to feed God's creatures on Him is to reinvest them with God, is therefore to make their theophanic radiance flower within them; it is, one might say, to make oneself capable of apprehending the "angelic function" of beings, to invest them with, and perhaps awaken them to, the angelic dimension of their being. (Creative Imagination in the Sufism of Ibn 'Arabi, 131).
This continuous cosmic Feast takes the place of the sacrament of Holy Communion in Corbin's theology.
"The Active Imagination perceives and shows to itself an Earth which is other than that Earth which is seen in ordinary sense experience... The Image of the Earth is revealed in the form of an Angel... In this sense, the categories of the sacredness which possess the soul can be recognized in the landscape with which it surrounds itself and in which it shapes its habitat, whether by projecting the vision on an ideal iconography, or by attempting to inscribe and reproduce a model of the vision on the actual earthly ground." - Henry Corbin, Spiritual Body & Celestial Earth, 29-30.
Louis Massignon writes, "The art of Persian miniatures, without atmosphere, without perspective, without shadows and without modelling, in the metallic splendor if its polychromy, peculiar to itself, bears witness to the fact that its orginators were undertaking a kind of alchemic sublimation of the particles of divine light imprisoned in the 'mass' of the picture. Precious metals, gold and silver, come to the surface of the fringes and the crowns, of the offerings and cups, to escape from the matrix of the colors."
Corbin says, "Let us make no mistake as the meaning of these colors... when we find them again in the gold background of the Byzantine icons and mosaics... it remains always a question of the same transfiguring light..." - The Man of Light in Iranian Sufism, 137-8.
The illustration is from a manuscript in the Turkish Museum in Istanbul. It is an anthology of Persian poets published in Shiraz in 1398 C.E. and is reproduced in Corbin's Spiritual Body & Celestial Earth from Gray, Basil, Persian Painting, Geneva, Skira, 1956. (Here borrowed from Greg Roberts)
Prayer is not a request for something: it is the expression of a mode of being, a means of existing and of causing to exist, that is, a means of causing the God who reveals himself to appear, of 'seeing' Him, not to be sure, in His essence, but in the form which precisely He reveals by revealing Himself by and to that form... Prayer is the highest form, the supreme act of the Creative Imagination. - Creative Imagination in the Sufism of Ibn Arabi, 248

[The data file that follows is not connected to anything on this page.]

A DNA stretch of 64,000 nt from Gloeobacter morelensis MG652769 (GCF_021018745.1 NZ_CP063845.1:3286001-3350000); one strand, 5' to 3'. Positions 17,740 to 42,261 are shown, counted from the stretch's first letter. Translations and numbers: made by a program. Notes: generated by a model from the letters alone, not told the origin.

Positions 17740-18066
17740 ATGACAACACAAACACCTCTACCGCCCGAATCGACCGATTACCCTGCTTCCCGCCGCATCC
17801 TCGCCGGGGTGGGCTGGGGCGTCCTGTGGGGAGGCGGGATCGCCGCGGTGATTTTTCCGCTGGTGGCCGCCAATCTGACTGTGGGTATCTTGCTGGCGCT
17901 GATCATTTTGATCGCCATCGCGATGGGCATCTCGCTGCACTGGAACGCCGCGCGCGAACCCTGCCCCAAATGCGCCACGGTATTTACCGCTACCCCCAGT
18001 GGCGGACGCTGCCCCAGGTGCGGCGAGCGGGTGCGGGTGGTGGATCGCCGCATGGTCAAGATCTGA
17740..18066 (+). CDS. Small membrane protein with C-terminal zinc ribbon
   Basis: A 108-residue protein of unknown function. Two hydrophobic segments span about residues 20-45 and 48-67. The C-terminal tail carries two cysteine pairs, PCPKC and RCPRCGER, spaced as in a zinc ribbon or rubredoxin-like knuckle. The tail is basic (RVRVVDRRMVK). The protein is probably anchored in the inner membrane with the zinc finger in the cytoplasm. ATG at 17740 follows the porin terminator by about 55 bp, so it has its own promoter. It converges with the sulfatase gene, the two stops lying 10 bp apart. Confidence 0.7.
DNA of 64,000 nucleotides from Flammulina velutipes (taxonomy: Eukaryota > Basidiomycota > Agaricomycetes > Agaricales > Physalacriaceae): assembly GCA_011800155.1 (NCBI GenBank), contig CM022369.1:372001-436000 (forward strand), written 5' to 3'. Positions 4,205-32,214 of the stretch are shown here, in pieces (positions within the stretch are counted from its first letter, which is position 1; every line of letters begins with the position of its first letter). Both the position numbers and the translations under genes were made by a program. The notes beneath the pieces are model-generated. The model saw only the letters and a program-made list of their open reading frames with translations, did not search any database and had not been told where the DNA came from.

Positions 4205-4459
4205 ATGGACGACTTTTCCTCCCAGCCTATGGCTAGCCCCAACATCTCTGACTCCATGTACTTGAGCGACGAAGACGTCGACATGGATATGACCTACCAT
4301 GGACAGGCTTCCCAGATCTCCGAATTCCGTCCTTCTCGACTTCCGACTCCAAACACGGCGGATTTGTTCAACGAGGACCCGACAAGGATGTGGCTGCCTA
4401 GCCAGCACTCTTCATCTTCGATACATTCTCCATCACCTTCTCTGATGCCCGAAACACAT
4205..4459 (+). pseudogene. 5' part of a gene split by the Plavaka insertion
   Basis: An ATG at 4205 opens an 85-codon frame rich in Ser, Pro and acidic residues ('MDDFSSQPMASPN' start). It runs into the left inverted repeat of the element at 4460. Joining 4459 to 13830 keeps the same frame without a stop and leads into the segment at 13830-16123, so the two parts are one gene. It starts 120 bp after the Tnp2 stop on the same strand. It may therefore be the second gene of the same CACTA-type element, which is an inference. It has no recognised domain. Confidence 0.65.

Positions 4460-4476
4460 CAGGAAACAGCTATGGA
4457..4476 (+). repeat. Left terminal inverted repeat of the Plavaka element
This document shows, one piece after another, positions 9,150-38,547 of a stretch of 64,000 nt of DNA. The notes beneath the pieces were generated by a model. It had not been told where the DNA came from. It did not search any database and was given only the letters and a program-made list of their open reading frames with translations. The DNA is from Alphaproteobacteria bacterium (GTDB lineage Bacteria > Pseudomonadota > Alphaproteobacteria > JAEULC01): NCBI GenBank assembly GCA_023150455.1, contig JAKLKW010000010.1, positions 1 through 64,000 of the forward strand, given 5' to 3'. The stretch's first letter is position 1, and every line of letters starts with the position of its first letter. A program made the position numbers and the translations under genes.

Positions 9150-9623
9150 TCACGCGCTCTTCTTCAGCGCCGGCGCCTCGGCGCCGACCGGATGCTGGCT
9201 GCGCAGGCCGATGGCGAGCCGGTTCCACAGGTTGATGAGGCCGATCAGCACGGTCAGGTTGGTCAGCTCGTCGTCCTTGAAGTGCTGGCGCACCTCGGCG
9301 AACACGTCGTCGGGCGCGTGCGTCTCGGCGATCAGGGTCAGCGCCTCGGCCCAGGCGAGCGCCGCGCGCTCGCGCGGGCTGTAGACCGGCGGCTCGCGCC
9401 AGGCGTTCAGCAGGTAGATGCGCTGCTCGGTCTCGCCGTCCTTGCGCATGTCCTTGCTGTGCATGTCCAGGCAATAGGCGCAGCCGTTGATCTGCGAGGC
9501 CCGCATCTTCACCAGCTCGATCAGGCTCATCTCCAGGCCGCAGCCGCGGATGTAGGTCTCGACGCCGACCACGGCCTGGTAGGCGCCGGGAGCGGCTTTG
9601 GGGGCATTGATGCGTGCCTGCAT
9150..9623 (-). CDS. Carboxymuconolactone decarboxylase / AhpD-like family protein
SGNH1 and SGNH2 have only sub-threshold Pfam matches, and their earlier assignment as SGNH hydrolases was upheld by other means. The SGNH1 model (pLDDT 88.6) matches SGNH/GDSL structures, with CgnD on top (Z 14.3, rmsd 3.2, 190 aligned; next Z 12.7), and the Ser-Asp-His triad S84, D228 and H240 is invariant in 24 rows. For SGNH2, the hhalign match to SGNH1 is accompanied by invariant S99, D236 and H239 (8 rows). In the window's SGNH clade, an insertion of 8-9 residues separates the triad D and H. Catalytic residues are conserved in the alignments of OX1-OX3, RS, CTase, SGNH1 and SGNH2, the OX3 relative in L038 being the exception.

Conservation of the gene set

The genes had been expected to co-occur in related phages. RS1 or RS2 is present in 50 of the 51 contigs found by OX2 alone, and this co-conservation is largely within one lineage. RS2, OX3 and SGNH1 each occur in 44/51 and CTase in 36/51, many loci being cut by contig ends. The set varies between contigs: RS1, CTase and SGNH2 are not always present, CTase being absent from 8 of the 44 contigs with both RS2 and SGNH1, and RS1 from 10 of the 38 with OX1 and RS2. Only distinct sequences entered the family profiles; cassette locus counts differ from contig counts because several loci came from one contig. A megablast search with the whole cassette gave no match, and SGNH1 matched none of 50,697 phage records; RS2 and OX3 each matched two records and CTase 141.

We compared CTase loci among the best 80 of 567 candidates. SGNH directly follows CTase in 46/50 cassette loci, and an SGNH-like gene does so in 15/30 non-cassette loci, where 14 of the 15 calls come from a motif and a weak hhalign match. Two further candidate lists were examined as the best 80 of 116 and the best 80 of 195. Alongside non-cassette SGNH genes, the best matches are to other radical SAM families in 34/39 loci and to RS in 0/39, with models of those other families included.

Hegel said that philosophy turns the world inside out, but this world is here and now inside out. The ta'wil and prophetic philosophy consist in putting it right side out once more. - Spiritual Body & Celestial Earth, xiii
To be a philosopher is to take to the road, never settling down in some place of satisfaction with a theory of the world, not even a place of reformation, nor of some illusory transformation of the conditions of this world. It aims for self-transformation, for the inner metamorphosis, which is implied by the notion of a new or spiritual rebirth. The adventure of the mystical philosopher is essentially seen as a voyage which progresses towards the Light. - The Theme of the Voyage and the Messenger, 140
On Life and Death
The past and the future are not attributes of exterior things; they are attributes of the soul itself. It is we who are living or dead, and who are responsible for the life and death of these things. - En Islam Iranien, v. 1, 37
The decision of the future falls to the soul, depends upon how the soul understands itself, upon its refusal or acceptance of a new birth. - Avicenna & the Visionary Recital, 10
...to leave this world, it does not suffice to die. One can die and remain in it forever. One must be living to leave it. Or rather, to be living is just this. - Cyclical Time in Ismaili Gnosis, 58
On Spiritual Reality & Imagination
For all our esotericists, the interior world designates the spiritual reality of the supersensible universe which, while a spiritual reality, is that which encircles and envelopes the reality of the external world... 'To leave' that which we commonly call the exterior world is an experience not at all 'subjective' but as 'objective' as possible, but it is difficult to transmit this to a spirit wanting to be modern. - En Islam Iranien v. 1, 82
The Active Imagination guides, anticipates, molds sensory perception; that is why it transmutes sensory data into symbols. The Burning Bush is only a brushwood fire if it is merely perceived by the sensory organs. In order that Moses may perceive the Burning Bush and hear the Voice calling him 'from the right side of the valley' - in short, in order that there may be a theophany - an organ of trans-sensory perception is needed. - Creative Imagination in the Sufism of Ibn 'Arabi, 80
…The seriousness of the role of the Imagination is stressed by our [Iranian] philosophers when they state that it can be 'the Tree of Blessedness' or on the contrary 'the Accursed Tree' of which the Qur'an speaks… The imaginary can be innocuous, the imaginal never can. - Spiritual Body & Celestial Earth, vii-x.